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Audits looking for undocumented immigrants on the rise

Immigration and Customs Enforcement has reported auditing more companies than ever before to look for undocumented workers on the payroll. Though President Obama has supported a path to legal status for many immigrants, he also supports penalties for companies that purposely hire illegal immigrants.

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Itzel Guillen, (l.), sorts out some of the documents she needs to apply for a work permit along with Lucero Maganda, at her home in August, in San Diego. Guillen and Maganda are among those hoping for the right to work legally in America without being deported.

Gregory Bull/AP

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U.S. Immigration and Customs Enforcement reached its highest number yet of companies audited for illegal immigrants on their payrolls this past fiscal year.

Audits of employer I-9 forms increased from 250 in fiscal year 2007 to more than 3,000 in 2012. From fiscal years 2009 to 2012, the total amount of fines grew to nearly $13 million from $1 million. The number of company managers arrested has increased to 238, according to data provided by ICE.

The investigations of companies have been one of the pillars of President Barack Obama's immigration policy.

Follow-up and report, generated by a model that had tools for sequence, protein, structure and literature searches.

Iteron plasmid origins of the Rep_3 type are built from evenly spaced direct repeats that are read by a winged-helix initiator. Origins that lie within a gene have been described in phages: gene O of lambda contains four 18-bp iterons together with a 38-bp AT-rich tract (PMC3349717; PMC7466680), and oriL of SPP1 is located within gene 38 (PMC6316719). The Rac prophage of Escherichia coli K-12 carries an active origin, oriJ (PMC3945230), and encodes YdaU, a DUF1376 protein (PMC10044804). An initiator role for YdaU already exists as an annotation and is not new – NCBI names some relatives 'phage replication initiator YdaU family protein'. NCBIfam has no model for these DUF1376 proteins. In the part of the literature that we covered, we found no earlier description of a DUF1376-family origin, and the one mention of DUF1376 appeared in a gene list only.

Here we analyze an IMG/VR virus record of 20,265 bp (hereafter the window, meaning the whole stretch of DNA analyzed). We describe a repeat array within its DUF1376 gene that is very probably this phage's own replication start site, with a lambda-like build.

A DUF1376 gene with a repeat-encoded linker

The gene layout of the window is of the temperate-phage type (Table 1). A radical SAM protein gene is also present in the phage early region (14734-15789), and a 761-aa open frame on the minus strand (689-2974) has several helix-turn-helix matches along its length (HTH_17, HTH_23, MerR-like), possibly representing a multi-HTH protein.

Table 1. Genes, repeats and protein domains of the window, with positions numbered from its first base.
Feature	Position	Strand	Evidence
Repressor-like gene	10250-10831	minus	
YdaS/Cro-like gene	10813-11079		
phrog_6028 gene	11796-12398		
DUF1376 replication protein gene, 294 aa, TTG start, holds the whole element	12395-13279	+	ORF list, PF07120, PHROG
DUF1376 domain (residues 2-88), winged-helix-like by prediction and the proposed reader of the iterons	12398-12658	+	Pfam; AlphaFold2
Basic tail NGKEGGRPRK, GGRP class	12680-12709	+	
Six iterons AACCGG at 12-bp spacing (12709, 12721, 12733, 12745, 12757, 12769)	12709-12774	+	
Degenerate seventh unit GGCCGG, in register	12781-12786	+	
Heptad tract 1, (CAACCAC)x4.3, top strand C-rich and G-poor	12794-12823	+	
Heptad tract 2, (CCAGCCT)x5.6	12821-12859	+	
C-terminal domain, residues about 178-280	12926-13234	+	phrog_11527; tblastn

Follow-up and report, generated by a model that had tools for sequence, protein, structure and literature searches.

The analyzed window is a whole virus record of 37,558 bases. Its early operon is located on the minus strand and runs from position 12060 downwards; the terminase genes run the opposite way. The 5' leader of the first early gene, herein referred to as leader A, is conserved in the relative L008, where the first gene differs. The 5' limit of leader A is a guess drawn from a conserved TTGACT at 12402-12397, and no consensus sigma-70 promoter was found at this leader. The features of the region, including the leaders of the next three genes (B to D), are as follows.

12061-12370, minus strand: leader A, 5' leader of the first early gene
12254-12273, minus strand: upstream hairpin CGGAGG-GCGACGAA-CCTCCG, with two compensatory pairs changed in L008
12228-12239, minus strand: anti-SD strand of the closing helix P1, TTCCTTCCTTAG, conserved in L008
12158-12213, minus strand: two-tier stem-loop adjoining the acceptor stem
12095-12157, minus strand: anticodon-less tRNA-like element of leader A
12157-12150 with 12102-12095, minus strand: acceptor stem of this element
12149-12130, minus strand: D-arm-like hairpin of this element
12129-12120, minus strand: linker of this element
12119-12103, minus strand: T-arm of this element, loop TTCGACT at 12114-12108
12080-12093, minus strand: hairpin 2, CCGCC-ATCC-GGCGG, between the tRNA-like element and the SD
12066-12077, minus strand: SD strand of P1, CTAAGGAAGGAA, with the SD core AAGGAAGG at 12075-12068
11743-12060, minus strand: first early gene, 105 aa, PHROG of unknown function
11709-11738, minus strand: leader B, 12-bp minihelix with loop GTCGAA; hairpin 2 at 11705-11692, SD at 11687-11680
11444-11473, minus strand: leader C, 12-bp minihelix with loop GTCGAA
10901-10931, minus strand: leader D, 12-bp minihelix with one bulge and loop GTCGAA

When Obama recently spoke about addressing immigration reform in his second term, he said any measure should contain penalties for companies that purposely hire illegal immigrants. It's not a new stand, but one he will likely highlight as his administration launches efforts to revamp the nation's immigration system.

"Our goal is compliance and deterrence," said Brad Bench, special agent in charge at ICE's Seattle office. "The majority of the companies we do audits on end up with no fines at all, but again it's part of the deterrence method. If companies know we're out there, looking across the board, they're more likely to bring themselves into compliance."

While the administration has used those numbers to bolster their record on immigration enforcement, advocates say the audits have pushed workers further underground by causing mass layoffs and disrupted business practices.

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